Before there was pop, rock, funk, disco, and country, there was jazz.
Jazz is the first musical genre to begin in America. It opened the door to on-stage improvisation and a wealth of musical creativity.
And you should learn how to play it.
There are plenty of easy jazz guitar songs out there. In fact, famous jazz guitarists like Freddie Green and Wes Montgomery have played on more songs than you can count.
How are you supposed to know the best songs to start with?
We have you covered. Keep reading to see our pick for easy jazz standards for guitar.
1. “Tenor Madness” by Sonny Rollins
“Tenor Madness” is written in Bb blues, which is one of the first jazz scales that beginners learn. Blues scales are a minor pentatonic scale with the fourth scale degree raised a half step.
This jazz standard not only uses the Bb blues, but it also has the popular iii-vi-ii-V turnaround.
2. “Fly Me to the Moon” by Frank Sinatra
The steady quarter notes in “Fly Me to the Moon” will help you practice keeping an even tempo.
The steady tempo will also help you learn the chord changes, particularly the changing 7th chords. Additionally, this is a great song to practice playing and singing at the same time.
3. “Summertime” by George Gershwin
If you’re looking to work on your improvisation, you can use a minor pentatonic scale over the changes in “Summertime”
If you want to brush up on other easy jazz standards for guitar, you can check out jazz guitar tab websites. While you’re still learning your scales and modes, tabs will help you learn new songs quicker.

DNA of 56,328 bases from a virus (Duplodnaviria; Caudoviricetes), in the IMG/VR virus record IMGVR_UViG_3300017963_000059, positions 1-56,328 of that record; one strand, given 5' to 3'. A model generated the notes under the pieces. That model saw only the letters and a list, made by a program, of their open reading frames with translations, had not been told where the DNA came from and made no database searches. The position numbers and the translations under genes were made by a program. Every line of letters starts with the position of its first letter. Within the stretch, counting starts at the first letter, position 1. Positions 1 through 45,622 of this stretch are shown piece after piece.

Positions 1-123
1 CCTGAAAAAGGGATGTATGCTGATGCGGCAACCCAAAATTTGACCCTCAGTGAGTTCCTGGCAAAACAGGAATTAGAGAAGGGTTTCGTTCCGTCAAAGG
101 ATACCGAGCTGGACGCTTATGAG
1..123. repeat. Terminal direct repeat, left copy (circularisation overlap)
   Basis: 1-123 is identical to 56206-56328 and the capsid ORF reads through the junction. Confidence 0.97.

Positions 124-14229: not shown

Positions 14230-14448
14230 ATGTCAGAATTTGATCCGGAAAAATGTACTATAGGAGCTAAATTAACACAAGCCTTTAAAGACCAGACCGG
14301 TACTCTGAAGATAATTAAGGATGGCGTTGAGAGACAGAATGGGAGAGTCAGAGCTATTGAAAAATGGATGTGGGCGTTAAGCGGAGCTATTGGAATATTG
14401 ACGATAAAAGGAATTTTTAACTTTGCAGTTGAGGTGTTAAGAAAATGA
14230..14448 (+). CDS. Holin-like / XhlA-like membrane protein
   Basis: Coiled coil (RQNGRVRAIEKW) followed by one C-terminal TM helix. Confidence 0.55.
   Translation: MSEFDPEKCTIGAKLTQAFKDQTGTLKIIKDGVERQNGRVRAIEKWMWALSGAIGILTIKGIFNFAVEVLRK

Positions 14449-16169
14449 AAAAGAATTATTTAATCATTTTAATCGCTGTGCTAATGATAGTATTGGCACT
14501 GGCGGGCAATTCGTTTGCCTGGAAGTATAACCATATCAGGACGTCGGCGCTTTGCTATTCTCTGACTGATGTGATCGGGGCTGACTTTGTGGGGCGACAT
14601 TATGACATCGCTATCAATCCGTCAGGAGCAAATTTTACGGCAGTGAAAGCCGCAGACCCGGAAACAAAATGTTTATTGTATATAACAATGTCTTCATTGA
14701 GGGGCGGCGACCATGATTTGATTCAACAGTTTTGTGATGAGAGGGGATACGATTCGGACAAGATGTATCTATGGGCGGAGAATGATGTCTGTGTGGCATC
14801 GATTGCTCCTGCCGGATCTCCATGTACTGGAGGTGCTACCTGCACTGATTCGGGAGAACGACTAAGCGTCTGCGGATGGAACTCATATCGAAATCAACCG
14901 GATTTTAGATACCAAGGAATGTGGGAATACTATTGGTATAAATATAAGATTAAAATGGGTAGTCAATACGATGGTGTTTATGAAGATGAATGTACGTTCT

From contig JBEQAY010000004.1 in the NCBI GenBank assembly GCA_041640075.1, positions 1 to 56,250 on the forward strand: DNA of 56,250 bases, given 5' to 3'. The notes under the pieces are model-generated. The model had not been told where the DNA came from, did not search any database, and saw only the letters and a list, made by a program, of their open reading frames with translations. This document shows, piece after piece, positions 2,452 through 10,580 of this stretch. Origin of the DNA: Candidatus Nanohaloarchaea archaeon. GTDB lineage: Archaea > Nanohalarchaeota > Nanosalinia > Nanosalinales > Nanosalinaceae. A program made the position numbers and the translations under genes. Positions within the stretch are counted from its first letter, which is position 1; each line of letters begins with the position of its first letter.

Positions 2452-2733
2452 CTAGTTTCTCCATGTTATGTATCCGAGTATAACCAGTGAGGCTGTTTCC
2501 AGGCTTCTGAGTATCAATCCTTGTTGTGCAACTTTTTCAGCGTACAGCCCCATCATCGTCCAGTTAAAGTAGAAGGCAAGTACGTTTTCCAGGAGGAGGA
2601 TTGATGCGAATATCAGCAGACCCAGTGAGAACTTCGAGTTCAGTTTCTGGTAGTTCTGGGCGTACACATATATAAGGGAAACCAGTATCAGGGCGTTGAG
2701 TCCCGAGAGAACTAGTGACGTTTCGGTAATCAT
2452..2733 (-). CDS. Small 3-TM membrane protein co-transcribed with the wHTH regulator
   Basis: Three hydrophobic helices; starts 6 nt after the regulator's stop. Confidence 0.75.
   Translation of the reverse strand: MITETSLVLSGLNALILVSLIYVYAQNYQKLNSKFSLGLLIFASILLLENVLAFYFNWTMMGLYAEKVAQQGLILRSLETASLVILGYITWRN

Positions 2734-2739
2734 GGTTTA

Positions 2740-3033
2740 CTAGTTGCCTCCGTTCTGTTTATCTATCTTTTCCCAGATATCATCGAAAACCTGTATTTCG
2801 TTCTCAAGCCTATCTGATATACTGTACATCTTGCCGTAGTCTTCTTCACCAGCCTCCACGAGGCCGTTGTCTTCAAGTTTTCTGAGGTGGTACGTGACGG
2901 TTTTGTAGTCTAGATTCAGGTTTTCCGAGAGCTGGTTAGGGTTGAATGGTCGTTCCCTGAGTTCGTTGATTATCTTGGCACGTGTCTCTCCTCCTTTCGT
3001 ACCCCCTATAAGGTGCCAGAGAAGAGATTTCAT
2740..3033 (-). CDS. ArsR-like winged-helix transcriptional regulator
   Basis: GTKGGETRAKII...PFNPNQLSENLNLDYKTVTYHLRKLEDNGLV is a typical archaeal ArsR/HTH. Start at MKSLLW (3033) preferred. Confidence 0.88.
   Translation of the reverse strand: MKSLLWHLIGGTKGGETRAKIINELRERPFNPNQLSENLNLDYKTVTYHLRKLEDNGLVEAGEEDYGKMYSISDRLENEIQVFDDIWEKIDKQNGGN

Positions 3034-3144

4. “So What” by Miles Davis
Like “Tenor Madness,” “So What” is another great song for practicing melodies. It will also introduce you to playing in modes.
“So What” was written in the Dorian mode, which is a major scale with the third and seventh scale degrees lowered one half-step.
Major scales (Ionian) and minor scales (Aeolian) are common in popular music, but Dorian and Mixolydian modes are common in jazz. Learning these common modes will make learning new songs easier over time.
5. “Autumn Leaves” by Joseph Kosma
“Autumn Leaves” has a medium tempo, which will teach you how move your fingers quicker. When learning this song, start at a slower tempo and work your way up to the appropriate speed.
You’ll also practice a major ii-V-I progression and a minor ii-V-I progression, which are two common jazz chord progressions.
Impress Your Friends With These Easy Jazz Guitar Songs
Famous jazz guitarists like Joe Pass didn’t become famous overnight and you won’t either. Remember to practice every day and to continue learning new songs that you love.
Before you know it, you’ll build a repertoire of easy jazz guitar songs.
What’s your favorite jazz standard? Let us know in the comments below!